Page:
Transmultiplexing combines, converts 1310 to 1550 nm
In a technique called transmultiplexing, researchers at the Eindhoven University of Technology (Eindhoven, The Netherlands) have used nonlinear polarization rotation in a single semiconductor optical amplifier (SOA) to achieve error-free conversion of two 1310-nm 5-Gbit/s wavelength-division-multiplexed (WDM) signals into one 1550-nm 10-Gbit/s optical-time-domain-multiplexed (OTDM) signal. This all-optical capability avoids the bottleneck of optical-electrical-optical conversion of upstream 1310-nm communications from a fiber-to-the-premises (FTTP) subscriber into a 1550-nm network transmission window.
A 1310.9-nm and a 1313.8-nm source are intensity-modulated and multiplexed into one 1310-nm signal at 10 Gbit/s that is fed into the transmultiplexing SOA. This signal causes additional birefringence via carrier-density changes that causes the transverse magnetic and transverse electric modes to experience different refractive indices and thus a changed state of polarization for a second unmodulated 1550-nm signal that is input to the SOA. This results in the imprinting of the 1310-nm WDM signal onto the 1550-nm OTDM signal. The output polarization filter is adjusted such that the 1550-nm signal with rotated polarization passes through the polarization beamsplitter for analysis. Contact Jarek Turkiewicz at firstname.lastname@example.org.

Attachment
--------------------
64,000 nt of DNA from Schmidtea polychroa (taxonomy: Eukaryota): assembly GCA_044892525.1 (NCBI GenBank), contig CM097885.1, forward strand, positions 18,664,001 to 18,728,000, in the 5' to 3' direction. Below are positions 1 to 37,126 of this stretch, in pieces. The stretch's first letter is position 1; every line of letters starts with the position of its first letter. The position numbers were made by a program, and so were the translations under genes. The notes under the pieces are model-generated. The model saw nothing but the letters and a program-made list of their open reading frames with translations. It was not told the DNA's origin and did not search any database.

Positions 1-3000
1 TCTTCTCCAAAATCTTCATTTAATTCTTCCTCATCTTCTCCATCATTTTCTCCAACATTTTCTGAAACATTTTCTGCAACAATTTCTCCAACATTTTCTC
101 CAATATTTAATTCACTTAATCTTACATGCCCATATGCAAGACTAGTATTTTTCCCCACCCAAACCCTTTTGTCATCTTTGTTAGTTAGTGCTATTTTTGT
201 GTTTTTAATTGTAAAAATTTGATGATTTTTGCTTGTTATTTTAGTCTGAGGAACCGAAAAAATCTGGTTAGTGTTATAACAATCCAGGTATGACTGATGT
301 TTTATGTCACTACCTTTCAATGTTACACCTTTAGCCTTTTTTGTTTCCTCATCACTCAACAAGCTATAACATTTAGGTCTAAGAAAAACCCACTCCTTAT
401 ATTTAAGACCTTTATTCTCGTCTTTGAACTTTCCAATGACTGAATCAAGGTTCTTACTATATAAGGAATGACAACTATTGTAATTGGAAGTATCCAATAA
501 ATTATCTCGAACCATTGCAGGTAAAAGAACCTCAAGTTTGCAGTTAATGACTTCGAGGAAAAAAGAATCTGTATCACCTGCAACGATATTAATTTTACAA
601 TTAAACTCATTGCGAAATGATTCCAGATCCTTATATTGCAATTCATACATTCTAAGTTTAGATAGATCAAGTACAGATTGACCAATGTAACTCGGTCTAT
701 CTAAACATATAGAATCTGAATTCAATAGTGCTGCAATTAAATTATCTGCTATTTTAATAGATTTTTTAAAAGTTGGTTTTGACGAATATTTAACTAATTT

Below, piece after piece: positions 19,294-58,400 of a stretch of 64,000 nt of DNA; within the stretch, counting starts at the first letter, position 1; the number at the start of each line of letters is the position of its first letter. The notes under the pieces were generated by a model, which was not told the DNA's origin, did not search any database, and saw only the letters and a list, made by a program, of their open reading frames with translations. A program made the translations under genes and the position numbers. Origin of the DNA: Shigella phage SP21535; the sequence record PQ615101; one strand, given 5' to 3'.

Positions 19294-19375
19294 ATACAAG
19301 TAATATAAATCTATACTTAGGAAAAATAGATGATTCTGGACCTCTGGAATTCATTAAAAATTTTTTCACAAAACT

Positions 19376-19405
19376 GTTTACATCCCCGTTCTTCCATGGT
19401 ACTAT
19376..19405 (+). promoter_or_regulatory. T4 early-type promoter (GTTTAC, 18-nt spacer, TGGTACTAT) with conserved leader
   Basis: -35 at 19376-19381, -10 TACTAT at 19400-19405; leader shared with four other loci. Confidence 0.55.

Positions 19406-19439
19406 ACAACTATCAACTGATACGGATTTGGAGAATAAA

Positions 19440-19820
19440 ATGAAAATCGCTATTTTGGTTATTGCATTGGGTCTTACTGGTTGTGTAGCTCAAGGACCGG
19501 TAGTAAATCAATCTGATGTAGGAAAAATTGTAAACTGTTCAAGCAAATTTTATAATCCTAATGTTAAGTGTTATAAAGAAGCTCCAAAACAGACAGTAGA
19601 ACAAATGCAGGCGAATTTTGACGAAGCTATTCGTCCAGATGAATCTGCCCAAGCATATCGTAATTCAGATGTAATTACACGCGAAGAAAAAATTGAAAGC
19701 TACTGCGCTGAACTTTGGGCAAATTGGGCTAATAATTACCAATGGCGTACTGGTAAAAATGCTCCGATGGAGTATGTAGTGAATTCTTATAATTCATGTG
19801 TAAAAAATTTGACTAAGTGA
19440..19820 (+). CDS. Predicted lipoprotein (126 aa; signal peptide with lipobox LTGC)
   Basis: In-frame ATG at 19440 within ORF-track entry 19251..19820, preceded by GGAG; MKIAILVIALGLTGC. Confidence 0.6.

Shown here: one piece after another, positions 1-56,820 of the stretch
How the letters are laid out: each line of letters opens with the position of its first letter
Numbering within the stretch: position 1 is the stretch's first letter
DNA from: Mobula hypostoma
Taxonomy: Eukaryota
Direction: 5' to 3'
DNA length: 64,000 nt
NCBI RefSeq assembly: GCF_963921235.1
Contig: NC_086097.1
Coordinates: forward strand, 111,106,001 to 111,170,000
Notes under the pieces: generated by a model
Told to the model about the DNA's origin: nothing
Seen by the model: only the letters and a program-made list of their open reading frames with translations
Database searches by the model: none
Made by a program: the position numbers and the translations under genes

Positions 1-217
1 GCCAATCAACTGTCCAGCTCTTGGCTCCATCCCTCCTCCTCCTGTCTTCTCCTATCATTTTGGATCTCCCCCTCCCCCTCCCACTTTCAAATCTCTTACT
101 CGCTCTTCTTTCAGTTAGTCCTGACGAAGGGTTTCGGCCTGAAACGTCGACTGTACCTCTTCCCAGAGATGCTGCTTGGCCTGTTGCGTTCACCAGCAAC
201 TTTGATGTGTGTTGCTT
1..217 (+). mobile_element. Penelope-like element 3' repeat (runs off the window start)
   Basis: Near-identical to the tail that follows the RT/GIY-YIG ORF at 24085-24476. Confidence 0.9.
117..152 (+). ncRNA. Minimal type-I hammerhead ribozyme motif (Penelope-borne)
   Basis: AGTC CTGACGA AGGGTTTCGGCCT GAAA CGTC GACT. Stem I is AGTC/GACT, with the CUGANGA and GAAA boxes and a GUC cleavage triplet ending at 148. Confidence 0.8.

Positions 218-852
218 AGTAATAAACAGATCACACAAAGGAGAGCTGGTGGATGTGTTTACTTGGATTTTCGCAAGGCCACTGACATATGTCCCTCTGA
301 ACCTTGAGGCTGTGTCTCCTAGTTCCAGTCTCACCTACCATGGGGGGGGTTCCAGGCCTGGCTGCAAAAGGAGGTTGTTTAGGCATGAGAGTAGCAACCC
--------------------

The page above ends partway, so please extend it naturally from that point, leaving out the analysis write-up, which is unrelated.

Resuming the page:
X-ray microscope resolves 15-nm features
For elemental and chemical identification, techniques are needed that have spatial resolution on the nanometer scale. Using their XM-1 soft-x-ray microscope and a new fabrication method for its zone-plate lens, researchers at the University of California at Berkeley and its Lawrence Berkeley National Laboratory (both of Berkeley, CA) have reported sub-15-nm spatial resolution in a 250-eV to 1.8-keV spectral range (5- to 0.7‑nm wavelengths).